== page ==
Rest Day

Let’s talk hydration for your longer events.
Research has shown that rate of perceived exertion and time to exhausting increase and decrease respectively when athletes are dehydrated. This means that when you’re dehydrated, you’ll feel like you’re working harder (even though you’re not), and you’ll give up sooner.
What should hydration look like? When you sweat, you are losing more than water, you’re also losing electrolytes. I’m sure you’ve heard of electrolytes, but what exactly are they?
Electrolytes are essential minerals that are responsible for different roles in the body, including conducting nerve impulses, contracting muscles, and regulating hydration and pH balance.
So how much water should you drink, and how much electrolytes should you consume?
First, when you exercise, you lose more water than electrolytes. So, hydrate with water first.
Exercising in the heat can result in a loss of 1-2 litres PER HOUR, depending on the individual. If you’re losing this much water, you must consider taking advantage of an electrolyte supplement during your harder events.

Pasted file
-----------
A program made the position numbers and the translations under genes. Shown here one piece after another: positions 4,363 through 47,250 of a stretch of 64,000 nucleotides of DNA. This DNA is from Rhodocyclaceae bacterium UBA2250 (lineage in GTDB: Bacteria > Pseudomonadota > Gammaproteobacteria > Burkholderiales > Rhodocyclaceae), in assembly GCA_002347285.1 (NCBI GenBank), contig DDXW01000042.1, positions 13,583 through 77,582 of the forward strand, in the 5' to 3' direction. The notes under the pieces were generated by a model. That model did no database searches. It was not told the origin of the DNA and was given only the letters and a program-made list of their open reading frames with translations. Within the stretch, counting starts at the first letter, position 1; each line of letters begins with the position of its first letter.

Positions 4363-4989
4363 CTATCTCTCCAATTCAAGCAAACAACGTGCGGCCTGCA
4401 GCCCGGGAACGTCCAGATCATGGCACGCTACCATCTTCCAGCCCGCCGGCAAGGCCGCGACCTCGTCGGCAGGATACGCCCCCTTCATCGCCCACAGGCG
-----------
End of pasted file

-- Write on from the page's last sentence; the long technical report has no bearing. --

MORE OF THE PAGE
If you’re not adding an electrolyte supplement to your water during these events, you might not absorb that much of it, just leading to more frequent urination and potentiating the likelihood of dehydration.
Using a product like Hydrate and Recover from Wilderness Athlete as per the package description is a great way to ensure that you’re replenishing more than just water.

Posted by Adam Janke

Challenge Accepted

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